Lt. Gov. Mark Schweiker was heading to the Philadelphia area on Sept. 11, 2001 when he got word of the attacks on the World Trade Center in New York City and the Pentagon in Washington.
Schweiker then immediately turned around and began heading to the state Capitol in Harrisburg. He then received word about United Airlines Flight 93.
“We were informed by the FBI that they were tracking United flight 93 which had originated in New Jersey, crossed over in Pennsylvania, and turned around unexpectedly over Ohio. At that point, the FBI had an obligation to inform the state’s Governor and Lt. Governor that since they were in Pennsylvania airspace, that we needed to be thinking about monitoring, and if there were an ugly, violent end and a crash, that we had to be prepared for the consequences,” Schweiker told Channel 11′s Rick Earle during a recent interview outside the state Capitol in Harrisburg.
When they soon learned that the plane had crashed in a remote area in Somerset County near Shanksville, they began mobilizing resources.
“So, whatever they needed was provided. Plenty of resource deployment defined how we operated that day in Western Pennsylvania " said Schweiker.
Days after the crash, Schweiker visited the scene.
“I think the most vivid memory is the carnage and what little was left of that large airliner, probably no bigger than the engine hood of a sedan, a car; and the impression that it was so final. I mean they hit, that plane went in at 560 miles per hour. So, very little was left, whether it was personal belongings, to the fuselage, to the plane itself is what struck me. And then I have to say while we observed the evil that manifest that day, these American-hating terrorists commandeering four planes that were to travel the country from the east to the west coast, that the good of humankind was apparent as well. Whether the hardworking first responders, many of them volunteer firefighters, who never left the site, to those who provided food and meals, and social service support to the surrounding hotels who provided lodging for the first responders, so we saw plenty of the ugly evil and we saw the good of humankind as well,” said Schweiker.
In the days and weeks ahead, Schweiker and the rest of the world learned about the heroic passengers, who fought back and prevented the terrorists from flying the plane into the U.S. Capitol or the White House.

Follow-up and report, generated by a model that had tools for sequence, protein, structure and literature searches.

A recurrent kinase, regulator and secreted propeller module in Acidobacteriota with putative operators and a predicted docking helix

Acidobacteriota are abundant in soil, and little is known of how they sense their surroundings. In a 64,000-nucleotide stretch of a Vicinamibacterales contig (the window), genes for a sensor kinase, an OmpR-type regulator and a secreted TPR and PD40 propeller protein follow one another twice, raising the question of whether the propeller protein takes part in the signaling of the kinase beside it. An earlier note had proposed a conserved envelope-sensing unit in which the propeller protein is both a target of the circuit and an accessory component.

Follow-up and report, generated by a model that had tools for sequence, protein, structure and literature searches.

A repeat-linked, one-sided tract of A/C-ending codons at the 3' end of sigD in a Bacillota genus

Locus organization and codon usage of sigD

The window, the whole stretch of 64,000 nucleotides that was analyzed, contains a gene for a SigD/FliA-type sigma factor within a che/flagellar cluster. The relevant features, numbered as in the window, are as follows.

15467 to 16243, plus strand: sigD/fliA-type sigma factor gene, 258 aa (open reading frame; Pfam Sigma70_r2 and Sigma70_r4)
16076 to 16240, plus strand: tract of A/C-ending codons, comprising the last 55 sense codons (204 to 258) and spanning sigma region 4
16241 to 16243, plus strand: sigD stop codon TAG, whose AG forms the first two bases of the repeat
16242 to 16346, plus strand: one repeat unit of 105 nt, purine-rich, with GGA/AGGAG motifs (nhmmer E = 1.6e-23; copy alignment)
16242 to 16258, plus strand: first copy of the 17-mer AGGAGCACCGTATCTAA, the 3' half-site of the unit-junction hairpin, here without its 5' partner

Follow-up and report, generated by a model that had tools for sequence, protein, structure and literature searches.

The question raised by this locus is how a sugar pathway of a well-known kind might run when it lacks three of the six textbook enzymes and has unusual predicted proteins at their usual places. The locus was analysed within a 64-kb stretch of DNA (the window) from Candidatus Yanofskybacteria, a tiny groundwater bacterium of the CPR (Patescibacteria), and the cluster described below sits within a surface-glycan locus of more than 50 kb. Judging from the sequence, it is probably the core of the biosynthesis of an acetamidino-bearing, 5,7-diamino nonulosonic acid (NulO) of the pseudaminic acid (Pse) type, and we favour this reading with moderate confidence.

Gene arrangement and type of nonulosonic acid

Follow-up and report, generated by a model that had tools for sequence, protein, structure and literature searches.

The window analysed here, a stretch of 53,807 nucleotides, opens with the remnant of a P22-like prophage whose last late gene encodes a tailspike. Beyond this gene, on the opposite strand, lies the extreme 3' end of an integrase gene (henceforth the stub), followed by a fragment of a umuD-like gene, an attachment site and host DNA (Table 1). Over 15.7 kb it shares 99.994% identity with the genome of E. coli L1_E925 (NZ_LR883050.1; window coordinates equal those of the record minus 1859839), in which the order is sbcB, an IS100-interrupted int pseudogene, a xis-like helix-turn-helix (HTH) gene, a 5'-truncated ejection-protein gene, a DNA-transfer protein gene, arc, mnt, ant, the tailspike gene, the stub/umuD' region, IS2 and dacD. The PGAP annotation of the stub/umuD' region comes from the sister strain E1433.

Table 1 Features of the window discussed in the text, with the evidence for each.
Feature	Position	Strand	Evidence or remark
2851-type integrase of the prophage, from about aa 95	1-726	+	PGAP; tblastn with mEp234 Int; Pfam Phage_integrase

“Somewhere you know just shy of that Latrobe area over Westmoreland county, the deployment had begun. Their deployment had begun and armed with nothing but hot water, ... airplane knives and a food cart that moved up and down the aisle, so their sense of obligation to we as Americans in their mind (was) to prevent the possible air attack of (Flight) 93 hitting the Capitol. They stood up and took on the terrorists, and we all remember Todd Beamer who, and it was one of those remarks that has lived with me forever, which is. ‘Let’s roll’; and I remain very mindful of that kind of pursuit and commitment that they brought to that mission, aboard Flight 93 on 9/11,” said Schweiker.
Less than a month after the attacks, Schweiker would become governor of Pennsylvania, when Gov. Tom Ridge was asked by President George W. Bush to become the first Secretary of Homeland Security.
Schweiker also turned his attention to the security of the Keystone State, convincing legislators to lift the cap on the number of state troopers, adding 100 new troopers to bolster the state’s safety efforts.
Perhaps Schweiker’s defining moment came less than a year after 9/11, when he oversaw the harrowing and dramatic rescue at Quecreek Mine, just 12 miles west of the crash site.
“Lord knows we needed that feeling and that outcome given what we had experienced 11 months earlier,” said Schweiker.
On this 20th commemoration of 9/11, Schweiker has some strong feelings about accountability.
A decade ago, U.S. forces shot and killed Osama bin Laden, the leader of al-Qaida, the group responsible for 9/11. Today, five co-conspirators, including Khalid Sheikh Mohamed, the man who allegedly planned the 9/11 attacks, have yet to go to trial. They remain in custody in Guantánamo Bay.
“If anything, this 20th commemoration is about seeing to it that Americans do remember, we have full memory of what happened, and at least on the judicial front, that trial should begin and soon,” said Schweiker.
With the recent developments in Afghanistan, where the Taliban seized control after the withdrawal of U.S. forces, Schweiker now fears that the region could once again become a breeding ground for terrorists that want to harm Americans.
“If you would have said to me 20 years ago, that on this day that we’ll be trying to figure out or deal with perhaps reconstitution of al-Qaida or ISIS elements that could think about a second attack on the U.S., I would have said you need your head examined; but now whether it’s President Biden’s CIA director, or the director of national intelligence or the chairman of the Joint Chiefs, that is a real possibility now, so we’ve got our work cut out for us. We need to be on top of our game,” said Schweiker.
Schweiker served out the remaining two years of his term, and then got out of politics, returning to the business sector. He’s currently working as a consultant, but still keeps tabs on state politics.
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